Although the evidence on both trials was similar in many respects, there is one significant and important difference. On the first appeal, it was held that there was not sufficient evidence to establish the corpus delicti. The body of Elmer Sevier was sufficiently identified in the first trial, but there was no evidence, direct or circumstantial, indicating that his death was the result of a criminal agency. In the present case, the identity of the remains of Ethel Sevier was completely established, and it was shown from wounds in the chest wall, apparently inflicted with a sharp instrument, that her death resulted from a criminal act.

Although the salient facts have been stated in the prior opinion, we shall in the interest of convenience briefly repeat them here.

Prior to January 19, 1950, the appellant, his father, and an unmarried sister occupied a home on a small tract of land near the scene of this tragedy. Some weeks prior to the occasion in question, the father had gone to Bell County, where he remained. On January 17, 1950, appellant's sister, who was soon to become a mother, left the home and went with another sister to Knoxville, Tennessee, where she planned to remain through her confinement. This left appellant alone at his home.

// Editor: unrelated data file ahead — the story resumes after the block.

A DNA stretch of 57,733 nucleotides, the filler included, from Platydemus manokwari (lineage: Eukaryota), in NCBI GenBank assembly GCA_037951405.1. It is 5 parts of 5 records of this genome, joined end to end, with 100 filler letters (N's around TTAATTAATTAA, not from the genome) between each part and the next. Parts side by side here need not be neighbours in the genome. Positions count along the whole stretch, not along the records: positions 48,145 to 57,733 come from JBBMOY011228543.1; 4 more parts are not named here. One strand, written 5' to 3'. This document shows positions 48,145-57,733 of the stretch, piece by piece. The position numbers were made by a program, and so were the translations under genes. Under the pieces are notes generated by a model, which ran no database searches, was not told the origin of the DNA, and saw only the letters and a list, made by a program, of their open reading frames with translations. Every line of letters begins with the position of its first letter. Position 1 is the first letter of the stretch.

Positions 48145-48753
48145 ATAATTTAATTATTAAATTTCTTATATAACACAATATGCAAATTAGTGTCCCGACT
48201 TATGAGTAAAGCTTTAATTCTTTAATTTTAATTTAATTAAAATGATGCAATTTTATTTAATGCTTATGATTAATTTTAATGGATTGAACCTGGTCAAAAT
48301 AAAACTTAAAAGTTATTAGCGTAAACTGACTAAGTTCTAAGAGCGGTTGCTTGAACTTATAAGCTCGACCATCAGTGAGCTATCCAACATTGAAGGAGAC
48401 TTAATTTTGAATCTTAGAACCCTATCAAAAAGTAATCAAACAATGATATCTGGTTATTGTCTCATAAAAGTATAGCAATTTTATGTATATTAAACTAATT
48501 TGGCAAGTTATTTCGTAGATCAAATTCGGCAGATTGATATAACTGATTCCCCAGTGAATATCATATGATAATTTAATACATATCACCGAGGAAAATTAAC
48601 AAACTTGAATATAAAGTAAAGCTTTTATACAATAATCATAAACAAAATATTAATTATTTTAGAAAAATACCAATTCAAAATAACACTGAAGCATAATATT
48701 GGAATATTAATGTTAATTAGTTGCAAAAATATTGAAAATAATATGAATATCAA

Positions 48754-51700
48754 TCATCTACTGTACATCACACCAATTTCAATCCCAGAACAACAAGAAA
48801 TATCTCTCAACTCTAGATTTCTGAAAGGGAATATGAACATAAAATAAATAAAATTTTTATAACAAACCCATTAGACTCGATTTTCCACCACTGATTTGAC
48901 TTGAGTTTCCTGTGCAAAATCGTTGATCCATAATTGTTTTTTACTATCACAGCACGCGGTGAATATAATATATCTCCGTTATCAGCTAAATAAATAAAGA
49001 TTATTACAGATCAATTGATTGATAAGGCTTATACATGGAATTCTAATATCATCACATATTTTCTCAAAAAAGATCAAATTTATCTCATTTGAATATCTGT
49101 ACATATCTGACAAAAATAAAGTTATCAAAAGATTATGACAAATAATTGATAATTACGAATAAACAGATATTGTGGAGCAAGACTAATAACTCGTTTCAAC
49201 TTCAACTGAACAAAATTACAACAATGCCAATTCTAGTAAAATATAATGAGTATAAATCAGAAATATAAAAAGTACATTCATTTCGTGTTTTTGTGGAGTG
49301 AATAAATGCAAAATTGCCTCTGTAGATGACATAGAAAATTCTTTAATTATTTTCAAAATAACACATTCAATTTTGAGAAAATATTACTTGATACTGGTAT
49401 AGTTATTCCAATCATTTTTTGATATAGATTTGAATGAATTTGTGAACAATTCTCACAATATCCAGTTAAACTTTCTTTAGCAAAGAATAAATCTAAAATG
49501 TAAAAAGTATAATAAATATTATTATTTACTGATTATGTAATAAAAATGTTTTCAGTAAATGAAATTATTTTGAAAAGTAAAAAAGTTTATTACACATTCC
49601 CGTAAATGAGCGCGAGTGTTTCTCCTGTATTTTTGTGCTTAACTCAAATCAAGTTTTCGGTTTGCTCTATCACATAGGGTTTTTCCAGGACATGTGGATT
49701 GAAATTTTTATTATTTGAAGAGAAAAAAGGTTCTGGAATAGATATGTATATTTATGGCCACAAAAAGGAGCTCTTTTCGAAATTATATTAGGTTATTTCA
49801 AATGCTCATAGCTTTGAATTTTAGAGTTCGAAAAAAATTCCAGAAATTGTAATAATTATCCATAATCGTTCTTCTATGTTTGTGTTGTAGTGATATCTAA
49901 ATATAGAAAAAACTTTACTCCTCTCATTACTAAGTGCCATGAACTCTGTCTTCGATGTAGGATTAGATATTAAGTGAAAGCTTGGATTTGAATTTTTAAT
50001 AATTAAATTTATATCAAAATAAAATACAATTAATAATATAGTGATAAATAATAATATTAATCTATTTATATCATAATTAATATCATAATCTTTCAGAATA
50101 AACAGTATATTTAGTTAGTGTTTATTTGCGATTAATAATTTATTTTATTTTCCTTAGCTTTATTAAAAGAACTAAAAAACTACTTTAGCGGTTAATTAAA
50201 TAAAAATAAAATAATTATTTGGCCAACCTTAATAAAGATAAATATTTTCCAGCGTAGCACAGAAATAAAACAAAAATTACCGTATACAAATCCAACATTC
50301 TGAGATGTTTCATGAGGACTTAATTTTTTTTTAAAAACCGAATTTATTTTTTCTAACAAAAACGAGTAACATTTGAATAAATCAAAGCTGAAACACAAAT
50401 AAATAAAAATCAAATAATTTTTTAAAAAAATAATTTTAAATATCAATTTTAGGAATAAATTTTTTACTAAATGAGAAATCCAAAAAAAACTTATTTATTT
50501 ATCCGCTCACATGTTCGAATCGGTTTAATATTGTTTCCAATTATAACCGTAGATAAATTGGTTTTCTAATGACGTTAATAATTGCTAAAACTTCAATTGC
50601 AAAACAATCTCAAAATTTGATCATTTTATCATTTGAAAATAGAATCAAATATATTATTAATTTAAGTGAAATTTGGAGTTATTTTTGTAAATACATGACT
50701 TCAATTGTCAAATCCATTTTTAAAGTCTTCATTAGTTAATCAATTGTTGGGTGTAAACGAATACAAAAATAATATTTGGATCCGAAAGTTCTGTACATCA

Elmer Sevier and his wife, Ethel Sevier, the latter being appellant's sister, had no children and resided alone in a home located some five hundred yards from appellant's home. On January 19, 1950, Elmer Sevier and his wife visited at the home of his father and mother. They left the father's home around four o'clock in the afternoon, carrying certain articles of food and headed in the direction of their own home, which was a distance of a little more than a mile. So far as this record discloses, neither was again seen alive by anyone except appellant, who admits being at their home until about 6:15 p. m.